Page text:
When we reach inside our fridge and find something that is past its best-before date, we usually assume it's gone bad and throw it out. This is not right, don't waste your money and your food!
Best-before dates have to do with food quality: freshness, texture, flavor and nutritional value, not safety. They are not expiry dates. Best-before dates are usually just a quality assurance.
By not treating best before-dates as expiry, you’ll waste less food, you’ll save money and, you’ll avoid sending food waste to the landfill, which contributes to increasing methane emissions.
So how are we suppose to know when things are actually expired? Unfortunately expiration dates only appear on products such as: Baby formula and other human milk substitutes, nutritional supplements, meal replacements, pharmacist-sold foods for very low-energy diets and formulated liquid diets.
For a better look of how long it takes for things to be expired, and no longer good/safe to eat, follow this list:
- Milk: 7 days after best-before date, opened or unopened
- Yogurt: 7 to 10 days, opened or unopened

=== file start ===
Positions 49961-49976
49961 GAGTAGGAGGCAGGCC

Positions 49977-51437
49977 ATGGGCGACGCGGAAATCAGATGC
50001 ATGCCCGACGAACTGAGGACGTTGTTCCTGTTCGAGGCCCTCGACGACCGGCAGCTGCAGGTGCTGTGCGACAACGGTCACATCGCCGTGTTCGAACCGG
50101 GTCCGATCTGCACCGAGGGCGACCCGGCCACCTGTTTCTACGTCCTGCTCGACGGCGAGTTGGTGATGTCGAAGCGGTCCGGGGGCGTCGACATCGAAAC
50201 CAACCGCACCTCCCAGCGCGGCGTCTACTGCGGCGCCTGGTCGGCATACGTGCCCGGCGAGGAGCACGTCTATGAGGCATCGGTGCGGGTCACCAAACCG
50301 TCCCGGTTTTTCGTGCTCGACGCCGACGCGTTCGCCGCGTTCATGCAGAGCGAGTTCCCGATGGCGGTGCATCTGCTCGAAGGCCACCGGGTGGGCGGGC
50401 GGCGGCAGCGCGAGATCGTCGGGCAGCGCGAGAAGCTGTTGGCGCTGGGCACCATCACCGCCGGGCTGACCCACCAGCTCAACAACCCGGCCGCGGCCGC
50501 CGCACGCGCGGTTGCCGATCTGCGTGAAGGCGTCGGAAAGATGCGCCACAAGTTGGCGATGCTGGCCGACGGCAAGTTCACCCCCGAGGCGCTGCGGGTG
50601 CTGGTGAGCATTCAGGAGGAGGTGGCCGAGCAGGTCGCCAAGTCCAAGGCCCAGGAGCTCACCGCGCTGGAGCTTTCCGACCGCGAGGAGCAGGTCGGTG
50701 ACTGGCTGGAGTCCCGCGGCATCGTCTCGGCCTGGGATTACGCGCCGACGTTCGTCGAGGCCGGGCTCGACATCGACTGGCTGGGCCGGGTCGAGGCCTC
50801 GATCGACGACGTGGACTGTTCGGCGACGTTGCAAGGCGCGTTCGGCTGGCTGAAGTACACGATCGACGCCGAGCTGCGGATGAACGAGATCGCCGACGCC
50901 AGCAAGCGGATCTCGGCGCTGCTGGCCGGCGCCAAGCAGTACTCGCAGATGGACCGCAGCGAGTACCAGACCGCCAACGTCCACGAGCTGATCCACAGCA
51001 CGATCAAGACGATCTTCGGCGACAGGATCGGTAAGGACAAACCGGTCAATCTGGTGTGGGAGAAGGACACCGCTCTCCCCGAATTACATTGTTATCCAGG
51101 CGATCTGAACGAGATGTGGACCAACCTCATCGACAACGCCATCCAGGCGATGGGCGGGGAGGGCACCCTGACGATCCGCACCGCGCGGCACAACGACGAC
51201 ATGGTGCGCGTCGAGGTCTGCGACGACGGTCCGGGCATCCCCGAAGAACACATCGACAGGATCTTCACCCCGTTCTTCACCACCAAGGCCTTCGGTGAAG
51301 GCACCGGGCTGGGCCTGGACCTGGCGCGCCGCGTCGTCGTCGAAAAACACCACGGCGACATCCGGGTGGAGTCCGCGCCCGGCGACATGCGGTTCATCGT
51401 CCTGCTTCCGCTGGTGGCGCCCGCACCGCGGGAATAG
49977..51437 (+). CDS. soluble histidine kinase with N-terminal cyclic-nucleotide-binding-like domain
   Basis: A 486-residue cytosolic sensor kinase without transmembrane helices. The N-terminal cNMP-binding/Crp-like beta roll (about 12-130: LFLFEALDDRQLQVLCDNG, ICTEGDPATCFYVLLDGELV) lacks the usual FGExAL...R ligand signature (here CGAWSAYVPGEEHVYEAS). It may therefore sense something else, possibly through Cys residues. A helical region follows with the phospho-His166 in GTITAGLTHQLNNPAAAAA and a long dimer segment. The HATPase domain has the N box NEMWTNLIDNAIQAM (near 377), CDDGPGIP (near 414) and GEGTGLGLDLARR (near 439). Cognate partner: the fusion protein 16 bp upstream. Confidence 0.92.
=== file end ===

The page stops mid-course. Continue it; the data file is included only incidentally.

- Cheese, hard: 3 to 4 weeks opened, 6 months unopened
- Butter: 4 weeks after best-before date, opened or unopened
- Eggs, in shell: 4 weeks
- Eggs, hard-cooked: 1 week
- Fresh meat: 2 to 4 days
- Fresh ground meat: 1 to 2 days
- Deli meats: 3 to 4 days
- Fresh chicken or turkey, whole or pieces: 2 to 3 days
- Fresh ground poultry: 1 to 2 days
- Cooked chicken: 3 to 4 days
- Fresh fish: 2 to 3 days
- Fresh shellfish: 12 to 24 hours
- Leftover soups, stews, casseroles: 3 to 4 days
- Jams and jellies: 3 to 4 months, opened
- Mayonnaise: 2 to 3 months, opened
- Mustard: 1 year, opened
- Ketchup: 6 months, opened
- Salad dressing or vinaigrette, bottled: 6 to 9 months, opened
- Salsa, bottled: 4 weeks, opened
Never eat anything that is visibly expired (mold, strong scent, dis-colored).